Thereafter, President Truman sent a series of measures to Congress to combat this, and when they didn’t pass, he, in his capacity as commander-in-chief, in 1948 issued orders which desegregated the armed forces and the civil service and another order in 1951 that banned discrimination in defense contracting.
Truman’s legislative initiatives to improve civil rights did not get through Congress, but he ignited a national debate that brought minority protection closer to reality.
Martin Luther King, Jr.’s Audacity of Hope, Dr. King’s Dream, the Spectacle of Bloody Sunday and the Birth of the Voting Rights Act of 1965
Selma, Alabama, is the county seat of Dallas County.
The region was one of the capitals of American slavery, and long after the Civil War the area retained a black majority.
However, in 1964 only a handful of the county’s black residents could vote. Whites controlled all 10 county commissions, 11 boards of education and 34 town governments. Every judge was white, there were few black lawyers, and black residents were generally not allowed into the courthouse except to pay taxes.
White terrorists operated with the implicit sanction of both private and public authority.
In 1964 a locally grounded voting rights campaign began.
Dr. King decided to participate. Soon after he arrived in Selma, he was arrested along with several thousand other protestors for parading without a permit and unlawful assembly.
While in jail in February 1965, King wrote a letter to the New York Times stating, “This is Selma, Alabama. There are more Negroes in jail with me than there are on the voting rolls.”
After a 27-year-old black pulpwood cutter, was shot by troopers when he tried to protect his mother from the clubs of troopers breaking up a night vigil, young activists threatened to carry his dead body to Montgomery and present it to Governor George Wallace.
Local leaders converted the angry sentiments into a plan to walk to Montgomery from Selma to petition Wallace for the right to vote.
On a Sunday, in full view of TV cameras, those marchers (600 demonstrators demanding equal access to the voting booth) assembled on the outskirts of Selma.
As they approached the Edmund Pettus Bridge, which had been blocked by Alabama state troopers and white civilian volunteers deputized by Sheriff Clark, they were clubbed and whipped and tear gassed and chased off the bridge by State troopers and local police using electric cattle prods and bull whips.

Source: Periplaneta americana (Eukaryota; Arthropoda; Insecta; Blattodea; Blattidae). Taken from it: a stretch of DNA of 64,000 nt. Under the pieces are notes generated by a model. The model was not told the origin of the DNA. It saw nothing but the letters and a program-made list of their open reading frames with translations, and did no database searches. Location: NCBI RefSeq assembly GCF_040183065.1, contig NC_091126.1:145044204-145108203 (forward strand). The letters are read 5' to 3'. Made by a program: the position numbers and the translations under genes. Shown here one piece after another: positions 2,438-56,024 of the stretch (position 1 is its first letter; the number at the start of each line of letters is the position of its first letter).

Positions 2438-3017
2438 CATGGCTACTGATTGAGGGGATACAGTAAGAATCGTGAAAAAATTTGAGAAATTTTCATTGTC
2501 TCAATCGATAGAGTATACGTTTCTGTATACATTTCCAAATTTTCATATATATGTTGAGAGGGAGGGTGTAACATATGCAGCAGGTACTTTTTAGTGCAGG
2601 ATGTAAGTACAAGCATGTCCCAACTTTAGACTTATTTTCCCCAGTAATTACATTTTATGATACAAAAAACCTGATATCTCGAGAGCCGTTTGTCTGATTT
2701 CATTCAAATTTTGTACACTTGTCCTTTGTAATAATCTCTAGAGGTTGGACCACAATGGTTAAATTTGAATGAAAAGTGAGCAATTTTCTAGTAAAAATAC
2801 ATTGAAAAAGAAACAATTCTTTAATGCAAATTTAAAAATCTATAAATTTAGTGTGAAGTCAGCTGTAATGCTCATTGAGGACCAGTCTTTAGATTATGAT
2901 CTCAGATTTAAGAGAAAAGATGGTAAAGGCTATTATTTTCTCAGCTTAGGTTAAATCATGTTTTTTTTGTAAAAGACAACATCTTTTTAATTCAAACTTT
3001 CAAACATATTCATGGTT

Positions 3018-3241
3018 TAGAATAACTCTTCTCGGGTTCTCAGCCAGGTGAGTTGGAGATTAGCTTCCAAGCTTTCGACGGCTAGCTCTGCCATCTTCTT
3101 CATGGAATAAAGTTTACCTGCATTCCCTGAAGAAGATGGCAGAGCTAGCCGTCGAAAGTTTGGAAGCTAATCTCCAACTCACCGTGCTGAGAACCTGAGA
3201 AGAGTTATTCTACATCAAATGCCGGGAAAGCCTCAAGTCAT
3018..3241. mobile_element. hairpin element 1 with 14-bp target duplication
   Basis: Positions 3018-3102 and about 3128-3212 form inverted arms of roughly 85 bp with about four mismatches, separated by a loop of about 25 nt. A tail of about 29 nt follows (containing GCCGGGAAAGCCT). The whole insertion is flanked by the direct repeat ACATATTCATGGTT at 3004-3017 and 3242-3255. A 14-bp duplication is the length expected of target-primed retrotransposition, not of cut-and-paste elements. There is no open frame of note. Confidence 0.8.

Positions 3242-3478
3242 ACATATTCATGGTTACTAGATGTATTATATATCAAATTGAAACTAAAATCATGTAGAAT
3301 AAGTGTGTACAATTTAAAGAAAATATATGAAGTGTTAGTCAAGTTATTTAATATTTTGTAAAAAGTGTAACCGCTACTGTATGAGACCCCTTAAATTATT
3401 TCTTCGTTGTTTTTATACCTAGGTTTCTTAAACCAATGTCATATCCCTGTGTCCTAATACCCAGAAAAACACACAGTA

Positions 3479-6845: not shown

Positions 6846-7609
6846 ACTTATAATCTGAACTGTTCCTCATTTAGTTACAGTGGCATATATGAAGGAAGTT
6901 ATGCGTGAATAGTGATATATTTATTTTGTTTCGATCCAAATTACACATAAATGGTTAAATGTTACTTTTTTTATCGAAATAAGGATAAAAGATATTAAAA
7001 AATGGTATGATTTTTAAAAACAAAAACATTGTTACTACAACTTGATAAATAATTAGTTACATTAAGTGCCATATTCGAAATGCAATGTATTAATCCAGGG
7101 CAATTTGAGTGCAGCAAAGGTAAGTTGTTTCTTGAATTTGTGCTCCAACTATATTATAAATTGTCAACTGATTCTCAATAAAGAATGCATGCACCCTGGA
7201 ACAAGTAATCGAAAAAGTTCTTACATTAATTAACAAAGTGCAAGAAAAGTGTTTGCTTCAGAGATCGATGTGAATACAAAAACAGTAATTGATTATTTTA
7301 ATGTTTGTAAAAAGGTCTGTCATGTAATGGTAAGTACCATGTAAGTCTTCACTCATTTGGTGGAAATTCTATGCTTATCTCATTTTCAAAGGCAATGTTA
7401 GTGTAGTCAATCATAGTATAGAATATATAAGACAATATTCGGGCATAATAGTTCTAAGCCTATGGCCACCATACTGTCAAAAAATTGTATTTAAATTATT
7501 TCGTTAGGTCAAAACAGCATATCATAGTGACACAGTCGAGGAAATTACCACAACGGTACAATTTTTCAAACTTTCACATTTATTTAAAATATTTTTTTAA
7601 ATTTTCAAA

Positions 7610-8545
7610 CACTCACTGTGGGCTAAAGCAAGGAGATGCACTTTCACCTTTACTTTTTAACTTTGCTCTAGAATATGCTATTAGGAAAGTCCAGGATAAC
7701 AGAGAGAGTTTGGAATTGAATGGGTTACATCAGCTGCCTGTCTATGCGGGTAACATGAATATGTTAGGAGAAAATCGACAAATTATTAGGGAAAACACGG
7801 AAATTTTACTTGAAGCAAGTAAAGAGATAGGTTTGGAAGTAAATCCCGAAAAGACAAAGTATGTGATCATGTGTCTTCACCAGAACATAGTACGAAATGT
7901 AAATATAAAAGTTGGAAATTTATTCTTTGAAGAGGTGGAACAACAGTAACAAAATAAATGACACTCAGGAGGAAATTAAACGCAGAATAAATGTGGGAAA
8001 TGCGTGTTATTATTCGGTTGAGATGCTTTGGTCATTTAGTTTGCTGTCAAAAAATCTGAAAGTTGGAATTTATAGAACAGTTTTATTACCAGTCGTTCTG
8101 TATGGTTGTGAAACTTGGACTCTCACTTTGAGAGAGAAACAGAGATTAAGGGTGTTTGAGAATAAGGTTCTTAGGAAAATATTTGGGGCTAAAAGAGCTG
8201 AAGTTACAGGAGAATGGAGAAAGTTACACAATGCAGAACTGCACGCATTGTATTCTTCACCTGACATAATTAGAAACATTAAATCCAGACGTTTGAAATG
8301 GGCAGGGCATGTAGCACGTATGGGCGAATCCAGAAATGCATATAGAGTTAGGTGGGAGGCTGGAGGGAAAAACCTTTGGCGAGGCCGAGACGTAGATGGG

Widespread public outrage erupted after video clips were shown on national TV.
What happened next?
President Johnson told a joint session of Congress:
“What happened in Selma is part of a far larger movement which reaches into every section and state of America.
“It is the effort of American Negroes to secure for themselves the full blessings of American life. Their cause must be our cause too, because it is not just Negroes but really all of us who must overcome the crippling legacy of bigotry and injustice. And we shall overcome.”
President Johnson immediately proceeded to introduce voting legislation that King had pleaded for privately, and announced his plan of action in a joint session of Congress.
President Johnson placed Selma alongside Lexington and Concord and Appomattox as turning points where “history and fate meet at a single time in a single place” to shape our “unending search for freedom.”
Speaking “as a man whose roots go deeply into Southern soil,” Johnson told Congress: “There is no Negro problem. There is no Southern problem. There is no Northern problem. There is only an American problem.”
Johnson told Congress that “the real hero of this struggle is the American Negro.” “There cause must be our cause too. Because it is not just Negroes, but really all of us who must overcome the crippling legacy of bigotry and injustice. And we shall overcome.”